Some organized the Ebell Club and lobbied leaders to improve parks and streets; other women ed the PTA to help in local schools.
Members of the League of Women Voters scrutinized the work of local officials and encouraged voters to make informed choices. There were housewives, nurses and teachers, as well as maids, cooks and laundresses in tourist hotels.
These pioneering women successfully earned the right to vote for California women nine years prior to the Federal Constitutional Amendment, making California the largest democracy in the world where women could vote. The meeting was inspirational, and clubs across California dedicated their efforts to the suffrage movement.
It will tell the story of often ignored local women. HSLB researchers will mine our collections and other archives to learn about the activities of local women.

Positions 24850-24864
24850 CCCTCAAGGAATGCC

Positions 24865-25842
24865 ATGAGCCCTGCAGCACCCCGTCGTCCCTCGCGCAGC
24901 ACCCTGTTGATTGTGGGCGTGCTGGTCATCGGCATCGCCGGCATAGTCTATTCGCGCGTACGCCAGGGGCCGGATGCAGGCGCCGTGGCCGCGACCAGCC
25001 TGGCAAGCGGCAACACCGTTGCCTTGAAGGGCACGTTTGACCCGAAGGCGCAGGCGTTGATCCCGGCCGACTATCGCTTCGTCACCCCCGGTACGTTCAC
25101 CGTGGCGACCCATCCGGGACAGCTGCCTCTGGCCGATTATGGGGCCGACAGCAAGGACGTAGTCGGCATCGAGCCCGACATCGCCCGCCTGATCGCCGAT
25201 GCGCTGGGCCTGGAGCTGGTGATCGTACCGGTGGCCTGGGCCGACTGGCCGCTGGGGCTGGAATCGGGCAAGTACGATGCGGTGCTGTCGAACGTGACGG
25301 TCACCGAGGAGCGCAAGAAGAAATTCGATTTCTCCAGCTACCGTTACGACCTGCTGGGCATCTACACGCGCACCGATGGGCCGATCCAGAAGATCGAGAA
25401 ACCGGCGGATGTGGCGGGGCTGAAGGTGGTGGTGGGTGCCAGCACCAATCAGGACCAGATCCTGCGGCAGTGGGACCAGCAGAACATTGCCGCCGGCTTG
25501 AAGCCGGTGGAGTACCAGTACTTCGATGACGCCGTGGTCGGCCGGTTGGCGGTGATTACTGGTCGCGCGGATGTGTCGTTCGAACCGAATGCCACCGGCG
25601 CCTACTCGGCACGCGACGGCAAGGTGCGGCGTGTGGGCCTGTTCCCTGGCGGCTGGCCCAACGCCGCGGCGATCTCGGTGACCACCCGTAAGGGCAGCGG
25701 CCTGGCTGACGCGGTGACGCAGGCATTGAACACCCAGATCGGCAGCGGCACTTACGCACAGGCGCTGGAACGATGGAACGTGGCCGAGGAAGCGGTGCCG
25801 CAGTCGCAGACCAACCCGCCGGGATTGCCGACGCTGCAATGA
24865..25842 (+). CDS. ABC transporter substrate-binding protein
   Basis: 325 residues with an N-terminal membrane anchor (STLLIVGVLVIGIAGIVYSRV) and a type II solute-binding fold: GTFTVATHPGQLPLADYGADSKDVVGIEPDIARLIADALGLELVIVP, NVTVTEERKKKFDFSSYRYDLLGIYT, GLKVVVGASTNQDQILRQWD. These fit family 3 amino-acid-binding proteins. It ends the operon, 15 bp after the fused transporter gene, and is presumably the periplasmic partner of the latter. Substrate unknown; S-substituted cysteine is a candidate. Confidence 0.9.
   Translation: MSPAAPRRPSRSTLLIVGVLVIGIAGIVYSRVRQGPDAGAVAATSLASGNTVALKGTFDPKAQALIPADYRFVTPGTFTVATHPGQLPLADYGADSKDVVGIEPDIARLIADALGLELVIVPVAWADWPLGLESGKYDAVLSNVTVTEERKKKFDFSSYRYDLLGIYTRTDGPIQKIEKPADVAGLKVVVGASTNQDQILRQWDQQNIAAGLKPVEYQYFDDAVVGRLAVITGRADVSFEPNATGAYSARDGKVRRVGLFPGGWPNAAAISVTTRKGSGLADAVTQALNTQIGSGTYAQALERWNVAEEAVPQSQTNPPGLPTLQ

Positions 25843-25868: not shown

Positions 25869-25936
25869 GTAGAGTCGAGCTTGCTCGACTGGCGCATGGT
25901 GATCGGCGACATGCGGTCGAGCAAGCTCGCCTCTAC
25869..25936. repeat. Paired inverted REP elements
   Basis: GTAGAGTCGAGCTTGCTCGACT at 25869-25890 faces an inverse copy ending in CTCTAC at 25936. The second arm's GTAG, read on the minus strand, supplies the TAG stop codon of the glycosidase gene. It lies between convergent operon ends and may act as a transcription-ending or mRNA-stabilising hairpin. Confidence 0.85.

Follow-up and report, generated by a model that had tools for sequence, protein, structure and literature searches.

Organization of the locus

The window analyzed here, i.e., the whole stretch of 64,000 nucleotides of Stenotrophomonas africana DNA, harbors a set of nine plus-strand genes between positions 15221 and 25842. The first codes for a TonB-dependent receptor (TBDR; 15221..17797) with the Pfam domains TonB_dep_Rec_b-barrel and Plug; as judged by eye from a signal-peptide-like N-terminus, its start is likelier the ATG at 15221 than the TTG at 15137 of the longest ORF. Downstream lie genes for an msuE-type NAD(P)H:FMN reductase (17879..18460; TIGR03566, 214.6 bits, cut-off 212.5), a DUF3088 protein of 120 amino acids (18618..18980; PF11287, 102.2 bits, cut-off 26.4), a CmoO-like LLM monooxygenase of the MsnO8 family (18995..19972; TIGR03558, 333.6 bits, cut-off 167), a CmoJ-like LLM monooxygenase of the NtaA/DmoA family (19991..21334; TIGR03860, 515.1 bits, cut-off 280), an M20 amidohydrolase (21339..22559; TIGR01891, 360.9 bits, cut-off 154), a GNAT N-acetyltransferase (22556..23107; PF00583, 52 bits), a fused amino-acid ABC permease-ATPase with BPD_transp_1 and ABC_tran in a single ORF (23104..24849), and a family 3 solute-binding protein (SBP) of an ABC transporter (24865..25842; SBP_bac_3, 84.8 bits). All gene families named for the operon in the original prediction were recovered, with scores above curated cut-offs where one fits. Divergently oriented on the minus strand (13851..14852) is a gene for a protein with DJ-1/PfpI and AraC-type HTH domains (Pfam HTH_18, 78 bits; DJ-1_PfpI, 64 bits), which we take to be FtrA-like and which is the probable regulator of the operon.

Long Beach played an exemplary role in that election; it was the only city where the majority of men in every precinct voted yes. To recognize a local woman, complete the Recognition Form and return it to our Program Coordinator. One hundred years ago the 19th Amendment extended voting rights to women.
We are working with the Long Beach Suffrage Circle Women, a community group commemorating the centennial to collect biographical information about local women.
Women ed unions and fought for equal wages and safer working conditions. The Suffrage Circle has begun making plans for events, performances, and educational programs.
In the s, some women served on commissions and held elected offices while others worked in low-paying jobs or earned less money than men in comparable positions. While federal law did not allow women to vote until the historic 19th Constitutional Amendment was ratified inwomen in California earned the right to vote in October through a referendum. Most history is written from the perspective of men.